British Social Realism in the Arts since 1940

British Social Realism in the Arts since 1940

David Tucker

Language: English

Pages: 235

ISBN: B010B9RN8G

Format: PDF / Kindle (mobi) / ePub


Social realism has been a vital element of British culture over the past seventy years, yet it has not gained anywhere near the critical attention its impact warrants. It can be a highly responsive genre, one that confronts its contemporaneous social, economic and political contexts with visceral immediacy, while at the same time retaining a focus on the individual, the domestic and the private. This fascinating analysis of the intertwined histories and legacies of British social realism across disciplines reveals
how important the changing genre has been for creative works since the Second World War, and how it resonates within contemporary contexts. With original contributions from leading scholars, this collection provides chapters on film, theatre, fiction, visual art, poetry and television, that show how social realism speaks to our own times as well as of the past.

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Epochs of Chinese and Japanese Art: An Outline History of East Asiatic Design, Volumes 1-2

Beneath New York: The formations and effects of canons in American underground film movements

 

 

 

 

 

 

 

 

 

 

 

 

 

 

 

 

pre-historical repetition of catastrophe.12 Eagleton, whose thoughts on history have been heavily influenced by Benjamin, is also interested in the transhistorical, and in recent texts this interest has taken the form of a discussion of human essence.13 As James Smith argues, such an interest is part of Eagleton’s critique of left-historicism and its giddy celebration of human and social mutability along with its abandonment of Marxist historical metanarratives. As Smith observes, Eagleton’s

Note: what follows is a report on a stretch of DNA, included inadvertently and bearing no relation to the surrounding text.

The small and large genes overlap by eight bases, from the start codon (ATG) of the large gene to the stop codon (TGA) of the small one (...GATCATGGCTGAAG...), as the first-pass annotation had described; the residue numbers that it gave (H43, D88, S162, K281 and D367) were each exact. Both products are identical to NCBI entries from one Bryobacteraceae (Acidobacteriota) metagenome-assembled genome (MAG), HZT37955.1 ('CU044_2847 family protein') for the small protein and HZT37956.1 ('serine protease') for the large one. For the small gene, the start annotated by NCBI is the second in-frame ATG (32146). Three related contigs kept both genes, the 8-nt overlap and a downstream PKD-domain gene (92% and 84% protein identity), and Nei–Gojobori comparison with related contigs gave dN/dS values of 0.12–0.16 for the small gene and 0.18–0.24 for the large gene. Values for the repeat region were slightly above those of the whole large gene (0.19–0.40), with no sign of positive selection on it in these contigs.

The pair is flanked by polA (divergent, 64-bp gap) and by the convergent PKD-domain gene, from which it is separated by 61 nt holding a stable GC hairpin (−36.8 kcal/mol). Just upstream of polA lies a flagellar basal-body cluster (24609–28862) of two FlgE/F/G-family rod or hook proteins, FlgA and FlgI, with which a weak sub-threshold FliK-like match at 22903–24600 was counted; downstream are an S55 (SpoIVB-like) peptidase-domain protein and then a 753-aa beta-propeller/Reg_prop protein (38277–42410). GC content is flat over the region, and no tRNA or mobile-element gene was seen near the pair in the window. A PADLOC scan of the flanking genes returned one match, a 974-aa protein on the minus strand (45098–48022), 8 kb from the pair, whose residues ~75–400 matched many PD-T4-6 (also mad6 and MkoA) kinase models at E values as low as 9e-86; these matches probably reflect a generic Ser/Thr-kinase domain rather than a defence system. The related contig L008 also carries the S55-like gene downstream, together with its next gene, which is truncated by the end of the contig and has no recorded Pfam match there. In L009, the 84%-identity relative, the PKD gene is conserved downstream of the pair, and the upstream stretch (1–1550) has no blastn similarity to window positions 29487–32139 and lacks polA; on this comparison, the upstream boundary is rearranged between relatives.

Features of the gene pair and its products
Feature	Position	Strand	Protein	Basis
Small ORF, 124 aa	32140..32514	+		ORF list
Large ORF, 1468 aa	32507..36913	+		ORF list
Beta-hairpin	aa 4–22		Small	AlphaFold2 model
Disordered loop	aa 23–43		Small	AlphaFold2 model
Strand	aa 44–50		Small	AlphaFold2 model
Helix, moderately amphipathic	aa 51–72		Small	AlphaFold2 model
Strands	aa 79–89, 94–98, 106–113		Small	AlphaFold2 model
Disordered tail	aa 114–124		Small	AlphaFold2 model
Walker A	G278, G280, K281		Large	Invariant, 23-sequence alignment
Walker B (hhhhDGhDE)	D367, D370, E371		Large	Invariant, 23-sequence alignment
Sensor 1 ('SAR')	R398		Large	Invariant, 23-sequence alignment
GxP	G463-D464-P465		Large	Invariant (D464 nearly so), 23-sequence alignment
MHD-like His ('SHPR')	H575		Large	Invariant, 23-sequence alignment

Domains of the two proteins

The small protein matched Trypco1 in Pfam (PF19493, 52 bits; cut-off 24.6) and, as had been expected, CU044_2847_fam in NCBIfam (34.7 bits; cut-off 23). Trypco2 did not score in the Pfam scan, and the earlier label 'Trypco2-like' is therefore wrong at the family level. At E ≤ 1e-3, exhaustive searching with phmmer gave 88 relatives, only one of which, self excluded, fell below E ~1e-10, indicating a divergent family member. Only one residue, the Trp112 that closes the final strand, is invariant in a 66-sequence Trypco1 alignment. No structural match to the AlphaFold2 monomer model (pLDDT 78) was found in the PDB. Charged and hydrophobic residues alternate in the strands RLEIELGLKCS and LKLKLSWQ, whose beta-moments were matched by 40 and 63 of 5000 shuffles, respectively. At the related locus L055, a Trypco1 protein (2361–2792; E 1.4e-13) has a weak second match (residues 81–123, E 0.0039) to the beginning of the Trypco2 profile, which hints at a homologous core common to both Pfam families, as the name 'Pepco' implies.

which links us fundamentally with our historical ancestors, as well as with our fellow human beings from other cultures’ (Eagleton 2000, p. 111). Thus, in the factory gate films we see the diminutive bodies of working children, their heads and shoulders wrapped in shawls, their feet shod in clogs. Cold, malnourished, tired, prematurely aged. And something perhaps just as hard to bear – we witness child and adult often excited and enlivened by the promise of novelty, displaying in their curiosity

to stave off the inevitable take place against the background of a search for a missing teenage girl (to whom Byron has given shelter) and the gradual desertion of the friends and hangers-on that congregate around him. The action of Jerusalem is played out in a displaced domestic setting, where the familiar signifiers of a living room – chairs, a television - are scattered, ironically reduced largely to debris, outside the caravan. The young people who wander through the action constitute a kind

having been determined by concerns of a global, as well as of a local nature. He wrote in a later reappraisal of Mass-Observation entitled Britain Revisited about his anthropological expedition to Malekula in the New Hebrides and how this had influenced his choice of and research in Bolton. It had struck Harrisson that a very specific and important ‘trail led from the Western Pacific to the south of Lancashire’ (Harrisson 1961, p. 26): What was there of Western civilisation which impacted into

because the first two lines seem to establish, or to hint at least, that things will not change, but then there is a change in grammar. When the word ‘this’ first appears in line 1, we may feel some uncertainty as to whether it is a pronoun or an adverb, since it cannot yet be clear from the first line whether ‘particular’ will turn out to be an adjective or a noun: ‘only this particular’. In the turn down into the second line this ambiguity is resolved, quickly and slowly: ‘this’ is an adverb,

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